There is a trend against a trend. What is this about? Seemingly coming from a place of ignorance and non-participatory judgmentalism, it is now chic to criticize how chic it has become to participate in twelve step groups.

Under the guise of a critical, objective, scientific mind set, writers such as Stanton Peele (The Diseasing of America) lash out with pseudo-rational emotionalism. There’s nothing wrong with emotionalism. It is only when it hides under the guise of rationalism and objective science that it becomes frightening and dangerous. Such critics seem to forget that the very basis of science is open-mindedness and the ability to explore new ideas and new concepts from a position of clarity (sobriety?) within oneself.

Why, might I ask, are these sophisticated, critical thinkers not being open to the exploration of the truths that exist in the new awareness about addiction and co-dependence? In recovering circles, the kind of thinking that we see in many of these articles would be nailed as stinkin’ thinkin’ (confused reasoning characteristic of the addictive process), and people would be encouraged to do their own work and get clear before they dumped their own issues on others.

Unfortunately, this degree of clarity does not seem to be a criteria applied in the publication decisions of magazines such as the New York Times Book Review, Family Circle, Playboy, and others. I have noticed a decided bias in publishing these volatile, emotional, often nasty attacks on the concepts of addiction and co-dependence while giving no space or credence to the concepts themselves. I do know that as I have tried to read some of this material, I have felt covered over with a slimy goo, and that in trying to respond, I am forced to enter into a system that I perceive as unhealthy and that I do not like.

Another issue that gives me great concern is the joining of feminists and mental health professionals in this attack. At first glance, these two seem to be strange bedgals indeed. Yet, I have experienced this teaming up to be common and frequent. I have no idea what has happened to the feminism of the sixties and seventies that was suspicious of psychotherapy and its power differential and attempts to keep women in a patriarchal system. I see many women who call themselves feminists aligning themselves with a mental health approach and a way of thinking that solidly locks them into the very patriarchy they try to avoid. I know that sometimes my need to understand this phenomenon often interferes with my acceptance of its truth for some people.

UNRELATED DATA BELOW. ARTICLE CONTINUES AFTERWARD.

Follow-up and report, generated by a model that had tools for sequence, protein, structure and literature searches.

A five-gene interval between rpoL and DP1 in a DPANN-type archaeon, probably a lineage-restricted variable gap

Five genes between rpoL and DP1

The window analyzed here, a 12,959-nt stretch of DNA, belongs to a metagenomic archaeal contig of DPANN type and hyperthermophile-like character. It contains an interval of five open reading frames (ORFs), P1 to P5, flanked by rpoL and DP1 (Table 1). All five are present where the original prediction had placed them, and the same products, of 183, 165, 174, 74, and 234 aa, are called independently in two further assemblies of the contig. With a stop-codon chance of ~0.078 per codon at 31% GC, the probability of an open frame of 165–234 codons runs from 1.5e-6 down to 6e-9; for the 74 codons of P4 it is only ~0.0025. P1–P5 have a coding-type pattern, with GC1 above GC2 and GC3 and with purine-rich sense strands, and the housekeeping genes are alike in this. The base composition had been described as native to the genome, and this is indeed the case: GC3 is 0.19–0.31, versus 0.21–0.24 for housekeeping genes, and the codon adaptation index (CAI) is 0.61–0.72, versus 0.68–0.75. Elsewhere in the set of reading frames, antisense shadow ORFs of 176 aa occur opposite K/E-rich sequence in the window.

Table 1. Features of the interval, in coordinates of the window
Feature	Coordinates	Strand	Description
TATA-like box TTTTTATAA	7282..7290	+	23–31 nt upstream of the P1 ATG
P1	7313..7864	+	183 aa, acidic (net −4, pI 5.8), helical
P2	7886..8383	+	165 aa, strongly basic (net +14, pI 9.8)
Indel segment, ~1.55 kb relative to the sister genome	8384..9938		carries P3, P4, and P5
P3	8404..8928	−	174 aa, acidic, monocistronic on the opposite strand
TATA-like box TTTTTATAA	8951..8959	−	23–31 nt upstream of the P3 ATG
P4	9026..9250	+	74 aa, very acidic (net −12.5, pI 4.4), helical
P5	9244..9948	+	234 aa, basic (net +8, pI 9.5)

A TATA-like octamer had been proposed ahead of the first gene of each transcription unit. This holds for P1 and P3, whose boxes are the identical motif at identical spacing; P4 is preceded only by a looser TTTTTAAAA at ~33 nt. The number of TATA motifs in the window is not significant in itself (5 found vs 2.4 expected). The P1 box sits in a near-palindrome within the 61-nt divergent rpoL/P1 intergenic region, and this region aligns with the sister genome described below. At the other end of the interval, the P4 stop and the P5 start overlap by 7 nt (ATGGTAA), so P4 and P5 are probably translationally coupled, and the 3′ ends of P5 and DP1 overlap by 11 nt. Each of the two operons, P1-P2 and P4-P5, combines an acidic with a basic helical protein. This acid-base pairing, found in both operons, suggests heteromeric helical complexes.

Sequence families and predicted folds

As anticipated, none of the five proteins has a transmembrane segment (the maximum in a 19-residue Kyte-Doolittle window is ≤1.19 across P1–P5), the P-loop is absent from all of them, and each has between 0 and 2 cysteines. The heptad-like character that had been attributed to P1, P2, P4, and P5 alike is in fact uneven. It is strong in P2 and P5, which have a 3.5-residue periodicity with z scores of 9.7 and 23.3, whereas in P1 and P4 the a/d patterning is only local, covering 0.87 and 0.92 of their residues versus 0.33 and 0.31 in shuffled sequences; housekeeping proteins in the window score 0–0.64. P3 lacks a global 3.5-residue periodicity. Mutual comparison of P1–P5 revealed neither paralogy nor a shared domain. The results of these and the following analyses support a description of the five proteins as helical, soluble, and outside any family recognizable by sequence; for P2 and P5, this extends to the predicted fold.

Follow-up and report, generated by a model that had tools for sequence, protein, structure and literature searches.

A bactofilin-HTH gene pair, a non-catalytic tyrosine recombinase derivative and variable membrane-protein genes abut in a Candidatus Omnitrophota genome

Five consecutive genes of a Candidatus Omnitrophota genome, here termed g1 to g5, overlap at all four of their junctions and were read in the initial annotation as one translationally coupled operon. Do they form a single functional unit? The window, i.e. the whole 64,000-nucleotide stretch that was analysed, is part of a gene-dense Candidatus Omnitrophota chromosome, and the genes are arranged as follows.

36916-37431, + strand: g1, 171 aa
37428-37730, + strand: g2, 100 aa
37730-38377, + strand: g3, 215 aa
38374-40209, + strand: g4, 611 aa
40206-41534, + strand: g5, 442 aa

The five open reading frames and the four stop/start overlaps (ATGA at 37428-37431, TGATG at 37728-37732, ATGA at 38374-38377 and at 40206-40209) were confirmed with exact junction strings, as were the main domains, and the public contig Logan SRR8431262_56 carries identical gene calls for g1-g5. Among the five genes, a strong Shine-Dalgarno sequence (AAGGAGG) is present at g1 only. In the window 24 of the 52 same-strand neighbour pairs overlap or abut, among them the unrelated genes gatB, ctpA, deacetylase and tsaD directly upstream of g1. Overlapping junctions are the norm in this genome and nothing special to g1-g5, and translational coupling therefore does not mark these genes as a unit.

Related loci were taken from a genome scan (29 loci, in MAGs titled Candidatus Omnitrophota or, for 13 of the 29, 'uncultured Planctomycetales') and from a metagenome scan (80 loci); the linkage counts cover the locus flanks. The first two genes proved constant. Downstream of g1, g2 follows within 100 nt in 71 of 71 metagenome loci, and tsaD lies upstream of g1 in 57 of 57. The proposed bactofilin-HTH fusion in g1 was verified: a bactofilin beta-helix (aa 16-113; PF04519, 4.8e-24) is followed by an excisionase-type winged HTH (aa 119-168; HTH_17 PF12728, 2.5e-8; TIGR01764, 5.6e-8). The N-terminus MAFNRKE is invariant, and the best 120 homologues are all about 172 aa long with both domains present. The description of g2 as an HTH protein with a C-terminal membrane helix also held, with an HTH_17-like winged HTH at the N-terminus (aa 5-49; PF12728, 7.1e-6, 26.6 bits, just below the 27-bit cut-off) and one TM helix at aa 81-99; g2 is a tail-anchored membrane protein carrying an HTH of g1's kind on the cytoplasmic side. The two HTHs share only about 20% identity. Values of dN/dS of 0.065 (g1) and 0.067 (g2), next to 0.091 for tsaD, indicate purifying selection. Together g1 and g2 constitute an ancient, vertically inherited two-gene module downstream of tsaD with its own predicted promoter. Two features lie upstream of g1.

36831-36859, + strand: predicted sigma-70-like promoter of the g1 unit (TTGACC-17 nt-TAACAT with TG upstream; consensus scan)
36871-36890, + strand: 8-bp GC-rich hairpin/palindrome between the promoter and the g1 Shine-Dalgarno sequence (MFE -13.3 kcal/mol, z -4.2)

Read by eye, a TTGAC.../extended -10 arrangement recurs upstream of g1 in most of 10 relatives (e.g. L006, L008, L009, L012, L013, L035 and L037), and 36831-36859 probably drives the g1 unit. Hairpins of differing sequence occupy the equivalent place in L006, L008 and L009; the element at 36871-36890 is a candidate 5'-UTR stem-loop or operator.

What I do know is that my entry to recovery was through the door of co-dependence and that there is no discrepancy whatsoever between recovery from addictions and feminism for me. The two go hand-in-hand and are mutually supportive. What I know is that it is a relief to see this connection. I have a disease process that I learned in the society. I can recover and no longer play the role of victim that the mental health system would impose upon me. In my recovery, I do not have to accept either end of the victim/perpetrator dualism, and neither do I have to orient myself to that dualism. I have come to know that as I free myself from my addictions, I also free myself from a mechanistic, scientific worldview that requires sexism, racism, homophobia, and ageism in all their subtle forms.

My recovery has also allowed me to understand with all my being a scientific and spiritual worldview that is much more in keeping with my knowledge as a woman. Recovery has taught me the wonders of full participation in my life the way I define it.

And, yet, co-dependence was only a door for me. As I progressed in my recovery, I began to see that even though the concept of co-dependence offered me a way into recovery, after I had progressed in my recovery it became a roadblock. I could see that I was using the co term in two destructive ways to block my further progress: (1) I was using it to feed my one-ups-womanship to feel just a little superior to those addicts; and (2) I was continuing to use it to externally referent, be a victim, and not claim my own life. So, I had to face yet another shift. I had to admit I was an addict…a relationship addict…just like any other addict. And then my recovery took off.

So, I believe that the term co-dependence has been a useful door for many who decide to step upon the road to recovery, and I believe that in all recovery we need to move on. The recovery movement needs to move on and we as individuals need to move on. Nothing that is alive